New Approach to Correct CLN3 Mutation Shows Promise in Juvenile Batten Disease Mouse Model

New Approach to Correct CLN3 Mutation Shows Promise in Juvenile Batten Disease Mouse Model
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Treating a juvenile Batten disease mouse model with antisense oligonucleotides to correct its underlying disease-causing mutation led to less waste buildup in the brain, improved motor skills, and longer survival, a study reports. 

These results are a key step toward finding treatments to address the genetic cause of the condition. 

The study, “Therapeutic efficacy of antisense oligonucleotides in mouse models of CLN3 Batten disease,” was published in the journal Nature Medicine

Juvenile Batten disease is an inherited neurodegenerative disorder that usually develops between the ages of 5 and 10. It affects the function of structures within cells called lysosomes, which are responsible for breaking down and recycling damaged or unused proteins in a process known as autophagy. 

The condition is also referred to as CLN3 disease because it is caused by mutations in both copies of the CLN3 gene (one from each parent), which carries the instructions for a protein known as battenin. The most common mutation leads to a shortened, inactive form of the battenin protein called CLN3Δex7/8

Notably, the missing portion of the battenin protein is the lysosomal targeting sequence, which normally directs the protein to the lysosomes for proper functioning. However, rare CLN3 mutations that leave the lysosomal targeting sequence intact also lead to less severe disease.

These observations prompted researchers at Rosalind Franklin University (RFU) in Illinois, along with scientists at the University of South Dakota and Ionis Pharmaceuticals, to create a version of battenin called CLN3Δex5/7/8 that restored the lysosomal targeting sequence, which may provide therapeutic value to those with Batten disease.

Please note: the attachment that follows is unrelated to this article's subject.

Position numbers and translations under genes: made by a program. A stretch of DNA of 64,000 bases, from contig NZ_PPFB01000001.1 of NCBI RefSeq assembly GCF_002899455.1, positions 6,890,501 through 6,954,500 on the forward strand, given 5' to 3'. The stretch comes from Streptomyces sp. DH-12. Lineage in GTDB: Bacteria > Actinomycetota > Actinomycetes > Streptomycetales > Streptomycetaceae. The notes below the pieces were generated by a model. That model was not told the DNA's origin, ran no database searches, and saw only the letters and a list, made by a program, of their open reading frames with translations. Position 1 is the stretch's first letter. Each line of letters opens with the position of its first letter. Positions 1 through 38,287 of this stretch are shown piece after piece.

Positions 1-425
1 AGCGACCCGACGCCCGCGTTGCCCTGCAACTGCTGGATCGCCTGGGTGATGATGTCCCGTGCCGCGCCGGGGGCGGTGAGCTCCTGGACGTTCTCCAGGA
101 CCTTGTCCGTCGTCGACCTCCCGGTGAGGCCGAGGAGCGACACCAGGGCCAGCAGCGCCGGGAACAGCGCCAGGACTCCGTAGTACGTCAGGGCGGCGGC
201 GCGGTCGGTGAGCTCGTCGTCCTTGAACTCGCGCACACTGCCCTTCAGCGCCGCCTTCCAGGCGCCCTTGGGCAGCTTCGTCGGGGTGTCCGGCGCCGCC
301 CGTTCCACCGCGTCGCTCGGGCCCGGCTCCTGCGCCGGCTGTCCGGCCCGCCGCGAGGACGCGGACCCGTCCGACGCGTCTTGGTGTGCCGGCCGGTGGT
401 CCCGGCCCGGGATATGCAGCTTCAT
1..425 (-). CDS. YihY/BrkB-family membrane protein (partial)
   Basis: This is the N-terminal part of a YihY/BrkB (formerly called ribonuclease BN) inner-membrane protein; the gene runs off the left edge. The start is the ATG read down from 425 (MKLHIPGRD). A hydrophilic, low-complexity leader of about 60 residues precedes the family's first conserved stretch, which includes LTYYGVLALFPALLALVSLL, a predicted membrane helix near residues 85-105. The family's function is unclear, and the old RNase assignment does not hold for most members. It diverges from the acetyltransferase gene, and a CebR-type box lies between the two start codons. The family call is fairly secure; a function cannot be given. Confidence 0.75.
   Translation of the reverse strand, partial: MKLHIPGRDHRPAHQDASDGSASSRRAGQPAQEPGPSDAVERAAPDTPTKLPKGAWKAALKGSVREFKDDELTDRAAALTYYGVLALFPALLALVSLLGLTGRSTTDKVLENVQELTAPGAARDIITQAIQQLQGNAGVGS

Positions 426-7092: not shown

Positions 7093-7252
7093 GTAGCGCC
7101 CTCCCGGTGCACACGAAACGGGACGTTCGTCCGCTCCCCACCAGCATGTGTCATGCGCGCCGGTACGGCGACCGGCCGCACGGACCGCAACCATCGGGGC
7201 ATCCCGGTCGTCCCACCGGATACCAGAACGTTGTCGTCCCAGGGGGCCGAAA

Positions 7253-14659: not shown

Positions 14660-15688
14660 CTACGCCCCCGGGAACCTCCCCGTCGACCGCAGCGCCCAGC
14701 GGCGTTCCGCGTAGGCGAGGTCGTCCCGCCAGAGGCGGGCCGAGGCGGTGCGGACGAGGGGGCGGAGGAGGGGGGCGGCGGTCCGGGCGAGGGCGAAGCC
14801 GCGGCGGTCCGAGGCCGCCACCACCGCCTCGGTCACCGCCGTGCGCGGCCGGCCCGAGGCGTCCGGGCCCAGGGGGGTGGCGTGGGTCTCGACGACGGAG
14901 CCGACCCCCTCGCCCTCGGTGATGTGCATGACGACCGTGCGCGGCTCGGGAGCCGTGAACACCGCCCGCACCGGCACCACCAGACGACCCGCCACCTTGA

Researchers first showed that the production of the disease-associated form of the battenin protein (CLN3Δex7/8) in cells led to an increase in the number of autophagic vesicles (that fuse with lysosomes) and in the size of lysosomes, whereas normal battenin and the new form of battenin (CLN3Δex5/7/8) did not. 

Based on these findings, antisense oligonucleotides, or ASOs, were designed to alter the production of battenin to generate the new form of CLN3Δex5/7/8 for further testing in cells and a mouse model. 

ASOs are short stretches of nucleotides — the building blocks of DNA and RNA — that bind to messenger RNA (mRNA), the molecule that carries the protein instructions from DNA. Binding of ASOs to mRNA can alter protein production in a directed way. 

Two ASOs were identified — ASO-20 and ASO-28 — which increased the production of the CLN3Δex5/7/8 mRNA in a dose-dependent manner and were more stable than the disease-causing CLN3Δex7/8 mRNA, which is rapidly degraded. 

Furthermore, treating cells isolated from patients with the CLN3Δex7/8 mutation with ASO-28 partially restored the autophagic process. 

A series of ASOs were designed to bind to mouse mRNA and test their efficacy in a live model. One ASO in particular, ASO-26, was the most active, also in a dose-dependent manner.

In mice with the same Cln3Δex7/8 mutation in one (heterozygous) or both (homozygous) of their Cln genes, ASO-26 was delivered directly into the central nervous system (CNS; consisting of the brain and spinal cord) by injection one or two days after birth. An ASO without a target was injected as a control.